.comment-link {margin-left:.6em;}

Wednesday, August 05, 2015


Australian Perseid Meteor Shower - Morning August 13-14, 2015

Perseid radiant as seen from Darwin at 5:00 am local time, August the 13th, looking north.Perseid radiant as seen from Brisbane at 5:00 am local time, August the 13th, looking north. Note how much lower the radiant is.

The Perseid Meteor Shower runs from July 17–August 24, and peaks on Wednesday August 13 between 11:30 am- Midnight AEST (01:30h to 14:00h on August 13 UT).  See the International Meteor Calendar for 2015 for further details.
 Despite this being a quite reasonable meteor shower in the northern hemisphere, for most of Australia the radiant is below the horizon, and only the very occasional meteor will be seen shooting up from the northern horizon.

This year is not bad, while the peak occurs after sunrise and before the radiant rises (or at least is at its closest to the horizon) in Australia, there is no Moon to ruin the shower.

Anyone south of Brisbane will see only the occasional meteor, say maybe one or two per hour (or less), the further north of Brisbane you are, the more meteors you will see.

You can check predictions for your local area at the NASA meteor flux estimator (choose 7 Perseids and 12-13 or 13-14 August 2015). People around the latitude of Darwin have the best chance of seeing meteors, possibly as many as one every 3 minutes at the peak (see table below). Next is places with the latitude of Cairns, then with the latitude of Mackay (like Port Headland and Mt Isa), and the places with the latitude of Alice Springs (again,see table below).

To see the meteors, you will need to be up from around 3:00 am local time on the 12th, 13th or 14th (yes, a really horrible hour of the morning), with best views 4:00 am-5:30 am on the 13th and 14th. The meteor shower will be located due North, with the radiant just above the northern horizon (see charts above). Cloud cover predictions can be found at SkippySky.

When you get up, allow at least 5 minutes for your eyes to adjust, and be patient, it may be several minutes before you are rewarded with you first meteor, then a couple will come along in quick succession. Choose a viewing spot where you can see a large swathe of sky without trees or buildings getting in the way, or with street lights getting in your eyes. The darker the spot the better (but do be sensible, don't choose a spot in an unsalubrious park for example).

A lawn chair or something similar will make your observing comfortable (or a picnic rug spread on the ground and a nice pillow), and having a Thermos of hot coffee, tea or chocolate to swig while watching will increase your comfort. (Here's some hints on dark adaption of your eyes so you can see meteors better).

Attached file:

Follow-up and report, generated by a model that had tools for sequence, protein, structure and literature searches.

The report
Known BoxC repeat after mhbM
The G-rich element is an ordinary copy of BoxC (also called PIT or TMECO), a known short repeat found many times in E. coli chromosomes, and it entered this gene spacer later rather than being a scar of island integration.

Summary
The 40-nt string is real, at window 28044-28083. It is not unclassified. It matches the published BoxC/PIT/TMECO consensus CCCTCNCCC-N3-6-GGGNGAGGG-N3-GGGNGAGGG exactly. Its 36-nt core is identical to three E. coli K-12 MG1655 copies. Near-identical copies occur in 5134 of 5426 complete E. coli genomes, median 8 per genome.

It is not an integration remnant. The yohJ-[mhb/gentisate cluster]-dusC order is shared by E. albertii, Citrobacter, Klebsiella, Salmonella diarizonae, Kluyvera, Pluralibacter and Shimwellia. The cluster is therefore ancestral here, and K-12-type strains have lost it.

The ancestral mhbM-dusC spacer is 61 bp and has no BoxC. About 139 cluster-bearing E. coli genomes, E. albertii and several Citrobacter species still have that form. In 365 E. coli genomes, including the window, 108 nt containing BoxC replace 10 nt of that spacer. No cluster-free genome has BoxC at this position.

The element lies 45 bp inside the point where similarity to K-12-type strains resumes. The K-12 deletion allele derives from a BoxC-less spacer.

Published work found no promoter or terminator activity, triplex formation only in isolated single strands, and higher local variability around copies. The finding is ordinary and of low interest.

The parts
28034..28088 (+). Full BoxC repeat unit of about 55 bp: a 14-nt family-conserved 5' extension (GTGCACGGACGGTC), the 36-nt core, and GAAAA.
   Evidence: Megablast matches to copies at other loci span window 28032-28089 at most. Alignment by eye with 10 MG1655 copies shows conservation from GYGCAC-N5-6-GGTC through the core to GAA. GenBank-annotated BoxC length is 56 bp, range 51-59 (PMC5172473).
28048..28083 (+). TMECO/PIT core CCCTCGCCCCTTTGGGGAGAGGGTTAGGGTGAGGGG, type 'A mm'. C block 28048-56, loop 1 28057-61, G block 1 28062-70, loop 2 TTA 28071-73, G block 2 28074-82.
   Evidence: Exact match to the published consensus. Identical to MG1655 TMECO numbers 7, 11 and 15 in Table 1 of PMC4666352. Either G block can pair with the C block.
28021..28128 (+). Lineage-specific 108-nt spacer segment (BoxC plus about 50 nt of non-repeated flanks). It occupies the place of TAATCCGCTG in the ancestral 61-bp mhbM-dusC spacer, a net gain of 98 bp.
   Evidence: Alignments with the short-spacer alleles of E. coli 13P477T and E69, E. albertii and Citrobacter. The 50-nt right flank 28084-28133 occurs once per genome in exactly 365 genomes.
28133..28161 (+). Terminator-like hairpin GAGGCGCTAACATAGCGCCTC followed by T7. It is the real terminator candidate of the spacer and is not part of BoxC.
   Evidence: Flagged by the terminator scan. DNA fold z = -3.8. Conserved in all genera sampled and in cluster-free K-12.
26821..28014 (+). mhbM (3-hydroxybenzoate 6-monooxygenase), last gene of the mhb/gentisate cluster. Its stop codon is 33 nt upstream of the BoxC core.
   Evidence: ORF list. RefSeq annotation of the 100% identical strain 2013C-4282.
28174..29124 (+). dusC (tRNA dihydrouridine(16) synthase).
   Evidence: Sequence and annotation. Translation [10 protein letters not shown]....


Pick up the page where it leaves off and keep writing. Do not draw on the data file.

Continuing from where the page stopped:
The following table show the peak rates at around 5 am local time on the mornings of the 12th, 13 and 14th of August for a number of cities under dark sky conditions. Rates will be similar at the same latitude as these cities, and rates will be intermediate at spots between these cities.

TownMorning August 12Morning August 13Morning August 14
Alice Springs5 meteors/hr9 meteors/hr10 meteors/hr
Brisbane3 meteors/hr5 meteors/hr6 meteors/hr
Cairns10 meteors/hr15 meteors/hr18 meteors/hr
Darwin11 meteors/hr22 meteors/hr24 meteors/hr
Mackay7 meteors/hr12 meteors/hr14 meteors/hr

Rates on the morning of the 15th are similar to that of the 12th. Note, those of you who have Stellarium, in version 13 they have added meteor shower radiants (rates set in the planets dialogue, F4). However while the radiants show, the simulated meteors come from random points in the sky, not the radiants.


thank you so very much for this informative post. I'm a recent 'convert' to astronomy & very much a beginner & very grateful for your advices.

can we see them from southern victoria or not???

Thanks, I saw one last night at 3am from Kuranda when walked outside for about 10mins. I will be out again tonight with a better idea of what to look for.
Ricky said: "can we see them from southern victoria or not???" not

Scott: Hope you see a better show over the next few days.
Wish i knew about this, this morning, i've been up since 2.30am. Will we here in Sydney get a show tonight or tomorrow early morning? If so, round about what times?

No, Sydney will not get a show, anyone south of Brisbane will be lucky to see one or two Perseids per hour, if any. Again, like the rest of Australia, you have to be up from around 3 am to have any chance of seeing one or two Perseids.
Hi Ian, is there another time in the year when you can see a reasonable meteor shower from areas below Sydney.... Melbourne!
This comment has been removed by the author.
This comment has been removed by the author.
This comment has been removed by the author.
Two seen from Cairns around 5.15 and 5.30 this morning...
This comment has been removed by the author.
Two seen from Cairns around 5.15 and 5.30 this morning...
Thank you for the great information.
Here carlingford in Sydney. Stayed outside with my 9 years old girl from 4:30 AM to 5:30 AM on 13/08. We saw 5 shooting stars. "WOW~~~~~~" We both shouted at first seeing a shooting star.
Will go out again at coming 4 AM. :-)
Gillian, the Geminids (14-15 December, are usually highly reliable, we may see a meteor every 2 minutes this year http://astroblogger.blogspot.com.au/2014/12/geminid-meteor-shower-14-15-december.html

Helen, Kim, great that you got to see some nice ones!
I went out this morning 3.30am to dawn and there was bugger all. I live North side of Brisbane about 30 minutes from the city, very disapointing unlike the Geminids 2014
The Perseids have been at a lower activity level than expected. http://www.imo.net/perseids2015
How about Melbourne? Am I able to see it too?
Thanks Ian much appreciated.
Post a Comment

Links to this post:

Create a Link

<< Home

This page is powered by Blogger. Isn't yours?